so noble, which carrieth riches and commodities from place to place, 
and consociateth the most remote regions in participation of their 
fruits ; how much more are letters to be magnified, which, as ships, 
pass through the vast seas of time, and make ages so distant to 
participate of the wisdom, illuminations, and inventions, the one 
of the other ? ^ 

But let us now consider what the drama should be. 
And first, it is not a copy, but an imitation, of nature. 
This is the universal principle of the fine arts. In all 
well laid out grounds what delight do we feel from that 
balance and antithesis of feelings and thoughts ! How 
natural ! we say ; — but the very wonder that caused 
the exclamation, implies that we perceived art at the 
same moment. We catch the hint from nature itself. 
Whenever in mountains or cataracts we discover a like- 
ness to any thing artificial which yet we know is not 
artificial — what pleasure ! And so it is in appearances 
known to be artificial, which appear to be natural. This 
applies in due degrees, regulated by steady good sense, 
from a clump of trees to the Paradise Lost or Othello. 
It would be easy to apply it to painting and even, though 
with greater abstraction of thought, and by more subtle 
yet equally just analogies — to music. But this belongs 
to others ; suffice it that one great principle is common 
to all the fine arts, a principle which probably is the 
condition of all consciousness, without which we should 
feel and imagine only by discontinuous moments, and 
be plants or brute animals instead of men ; — I mean 
that ever-varying balance, or balancing, of images, notions, 

1 Advancement of Learning, book i, sub fine. 

and Public Taste 33 

or feelings, conceived as in opposition to each other ; 
— in short, the perception of identity and contrariety ; 
the least degree of which constitutes likeness, the greatest 
absolute di^erence ; but the infinite gradations between 
these two form all the play and all the interest of our 
intellectual and moral being, till it leads us to a feeJing 
and an object more awful than it seems to me compatible 
with even the present subject to utter aloud, though 
I am most desirous to suggest it. For there alone are 
all things at once different and the same ; there alone, 
as the principle of all things, does distinction exist un- 
aided by division ; there are will and reason, succession 
of time and unmoving eternity, infinite change and 
ineffable rest ! — 

Return Alpheus ! the dread voice is past 
Which shrunk thy streams ! 

-Thou honour'd flood. 

Smooth-flowing Avon, crown'd with vocal reeds. 
That strain I heard, was of a higher mood I — 
But now my voice proceeds. 

We may divide a dramatic poet's characteristics before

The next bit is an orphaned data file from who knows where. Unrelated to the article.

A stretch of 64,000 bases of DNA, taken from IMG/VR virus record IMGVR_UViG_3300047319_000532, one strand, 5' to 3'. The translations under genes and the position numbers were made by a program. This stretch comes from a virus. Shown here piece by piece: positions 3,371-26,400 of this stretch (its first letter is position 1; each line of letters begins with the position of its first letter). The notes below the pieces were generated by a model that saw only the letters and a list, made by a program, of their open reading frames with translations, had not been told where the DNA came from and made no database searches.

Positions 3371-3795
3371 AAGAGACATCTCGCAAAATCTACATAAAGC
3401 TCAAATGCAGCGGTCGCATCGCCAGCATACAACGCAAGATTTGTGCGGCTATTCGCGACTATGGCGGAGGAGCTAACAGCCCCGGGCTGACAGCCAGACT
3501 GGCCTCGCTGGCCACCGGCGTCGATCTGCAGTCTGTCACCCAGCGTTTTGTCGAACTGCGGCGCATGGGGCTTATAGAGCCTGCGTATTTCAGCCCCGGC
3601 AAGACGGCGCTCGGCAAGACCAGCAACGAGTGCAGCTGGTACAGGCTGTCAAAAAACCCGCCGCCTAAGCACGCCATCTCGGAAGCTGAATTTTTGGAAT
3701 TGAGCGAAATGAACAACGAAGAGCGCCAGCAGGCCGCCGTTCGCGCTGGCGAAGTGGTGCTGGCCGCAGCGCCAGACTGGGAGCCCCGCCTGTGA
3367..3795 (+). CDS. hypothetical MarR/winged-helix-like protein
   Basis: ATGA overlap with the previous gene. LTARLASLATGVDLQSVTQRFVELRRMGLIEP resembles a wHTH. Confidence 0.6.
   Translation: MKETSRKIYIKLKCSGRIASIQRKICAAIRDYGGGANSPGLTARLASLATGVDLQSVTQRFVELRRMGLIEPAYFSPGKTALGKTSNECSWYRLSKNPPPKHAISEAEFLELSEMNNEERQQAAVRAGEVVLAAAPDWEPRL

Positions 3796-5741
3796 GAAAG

we enter into the component merits of any one work, 
and with reference only to those things which are to be 
the materials of all, into language, passion, and character ; 
always bearing in mind that these must act and react on 
each other, — the language inspired by the passion, and 
the language and the passion modified and differenced 
by the character. To the production of the highest 
excellencies in these three, there are requisite in the 
mind of the author ; — good sense ; talent ; sensibility ; 
imagination ; — and to the perfection of a work we should 
add two faculties of lesser importance, yet necessary 
for the ornaments and foliage of the column and the roof 
— fancy and a quick sense of beauty. 

As to language ; — it cannot be supposed that the poet 
should make his characters say all that they would, or 
that, his whole drama considered, each scene, or paragraph 
should be such as, on cool examination, we can conceive 
it likely that men in such situations would say, in that 
order, or with that perfection. And yet, according to 
my feelings, it is a very inferior kind of poetry, in which, 
as in the French tragedies, men are made to talk in a 


34 The Drama Generally 

style which few indeed even of the wittiest can be supposed 
to converse in, and which both is, and on a moment's 
reflection appears to be, the natural produce of the hot- 
bed of vanity, namely, the closet of an author, who is 
actuated originally by a desire to. excite surprise and 
wonderment at his own superiority to other men, — 
instead of having felt so deeply on certain subjects, or 
in consequence of certain imaginations, as to make it 
almost a necessity of his nature to seek for sympathy, 
— no doubt, wdth that honourable desire of permanent 
action which distinguishes genius. — Where then is the 
difference ? — In this that each part should be propor- 
tionate, though the whole may be perhaps impossible. 
At all events, it should be compatible with sound sense 
and logic in the mind of the poet himself. 

It is to be lamented that we judge of books by books, 
instead of referring what we read to our own experience. 
One great use of books is to make their contents a motive 
for observation. The German tragedies have in some 
respects been justly ridiculed. In them the dramatist 
often becomes a novelist in his directions to the actors, 
and thus degrades tragedy into pantomime. Yet still 
the consciousness of the poet's mind must be diffused 
over that of the reader or spectator ; but he himself, 
according to his genius, elevates us, and by being always